Kandy’s Esala perahera and SL’s cultural transition
At twilight, a cannon shot screeches through the air. Police on horseback push back the thickening, excited crowds, clearing out the procession route.
On the sidewalk, onlookers, who have been waiting for this moment since early morning, picnicking on plastic blankets to secure their coveted spots, suddenly stand up. They forget their shoes and food wrappers on the ground behind them as the sound of beating drums amplifies. A third cannon shot signals the elephants to begin their slow, consequential gait down Kandy’s uncommonly empty streets now glittering under thousands of tiny string lights. It is the final evening of the Randoli Perahera.
“The highlight of Kandy,” says the Secretary to the Lay Custodian of the Sri Dalada Maligawa, Sunil Rambukpotha, of the country’s most important perahera. “The traditions of the perahera have remained largely the same – the colourfulness, the elephants, the dancers, the systems of dances, the musical instruments.”
At the same time, the Kandy Esala perahera is a mixture of histories and cultures, including Sinhalese traditions, Hindu culture, and even Thai influences brought over when the king of then Siam visited during the perahera with a contingent of Buddhist monks. These ethnic variances which make Kandy’s perahera so unique, also reflect the cultural shifts within Sri Lanka and how the perahera has changed with the country.
In fact, the very practice of Kandy’s perahera is a combination of, primarily, two peraheras. The Esala peraherapre-dated the arrival of the Sacred Tooth Relic in Kandy, when farmers paid homage to the gods for rainfall during the month of Esala on the Sinhala calendar. Later, after the Sacred Tooth Relic was brought to the city in the 16th century, the Esala perahera came to include the Dalada perahera.
During the 18th century, the Sacred Tooth Relic was brought out of the Temple in its casket for all of Kandy to pay obeisance, simultaneously transforming the festival into a show of dancers, flame throwers, whip crackers, and tides of majestically dressed elephants. Legend has it that when this tradition started, the monsoons came on time.
“The rains started flowing, the rivers filled up, and Sri Lanka became agriculturally self-sufficient,” said Rambukpotha.
During colonial times, the British changed a key aspect of the perahera by creating the institution of a Diyawadana Nilame, the Lay Custodian of the Temple of the Tooth. The Lay Custodian is an honorary title that is given not to a monk or a king, but rather a member of the aristocracy. He is elected by the Buddhist clergy to help protect the Sacred Tooth Relic and organise Kandy’s annual perahera. Rambukpotha said that during the recent war, security was tightened more and more, until finally crowds diminished dramatically.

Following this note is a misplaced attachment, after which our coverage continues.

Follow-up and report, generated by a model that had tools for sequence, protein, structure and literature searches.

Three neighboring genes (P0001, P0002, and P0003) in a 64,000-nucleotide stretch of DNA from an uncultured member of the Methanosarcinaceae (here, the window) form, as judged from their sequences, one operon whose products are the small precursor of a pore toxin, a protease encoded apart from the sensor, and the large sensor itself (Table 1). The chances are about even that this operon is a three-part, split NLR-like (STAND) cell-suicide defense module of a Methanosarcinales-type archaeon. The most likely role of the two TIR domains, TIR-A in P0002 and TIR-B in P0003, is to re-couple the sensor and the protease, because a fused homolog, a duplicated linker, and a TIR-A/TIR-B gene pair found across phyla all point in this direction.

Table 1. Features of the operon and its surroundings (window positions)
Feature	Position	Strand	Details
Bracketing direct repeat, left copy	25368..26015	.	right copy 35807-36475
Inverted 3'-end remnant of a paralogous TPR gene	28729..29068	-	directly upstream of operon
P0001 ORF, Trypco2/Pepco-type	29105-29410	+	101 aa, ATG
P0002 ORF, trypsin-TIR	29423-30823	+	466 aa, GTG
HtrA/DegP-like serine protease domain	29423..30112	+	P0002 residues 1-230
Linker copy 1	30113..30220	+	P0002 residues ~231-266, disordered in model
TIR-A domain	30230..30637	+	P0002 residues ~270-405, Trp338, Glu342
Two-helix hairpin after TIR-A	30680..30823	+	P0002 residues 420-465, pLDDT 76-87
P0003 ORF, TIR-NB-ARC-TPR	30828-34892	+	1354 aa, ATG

“I’ve been watching this perahera since I was a child, in the 1960s, and I would say that there is a decline in the crowds, the number of people who watch the perahera today,” said Rambukpotha. He clarifies that this is his feeling and is not based on any formal research. He thinks the decline in crowds is particularly odd today, given the facilities that are available now. Despite the facilities, he says, the first five days of the perahera attract only small crowds. “In the ’60s and ’70s, people came without any facilities.” Rambukpotha remembers the crowds coming to watch the perahera, due, he speculates, to their faith-based enthusiasm for the festival.
Who comes to Kandy’s perahera today?
On the final two days of the perahera, there are many tourists from abroad, including Buddhist tourists from countries like Japan and Myanmar.
“I like the festival, and also, we are Buddhists,” said Junesakai, a Japanese woman with her friends and relatives, who explained that they had come to the perahera, “not so much as a pilgrimage, but for something like religious tourism.” She remarked upon the fabulous dancing she saw and the wonder of the elephants. Junesakai said that there is nothing like the Kandy Esala perahera in Japan.
Two monks from Myanmar echoed Junesakai’s sentiments, saying that they hadn’t experienced anything like the perahera in their predominantly Buddhist country either. “Other Buddhist countries are different. It’s very interesting,” said 30-year-old Sundaranyana. These monks had made the journey from Myanmar to be at the perahera specifically because of the Sacred Tooth Relic. Being near the Buddha in this way, said Sundaranyana, “is very important in a Buddhist’s life.”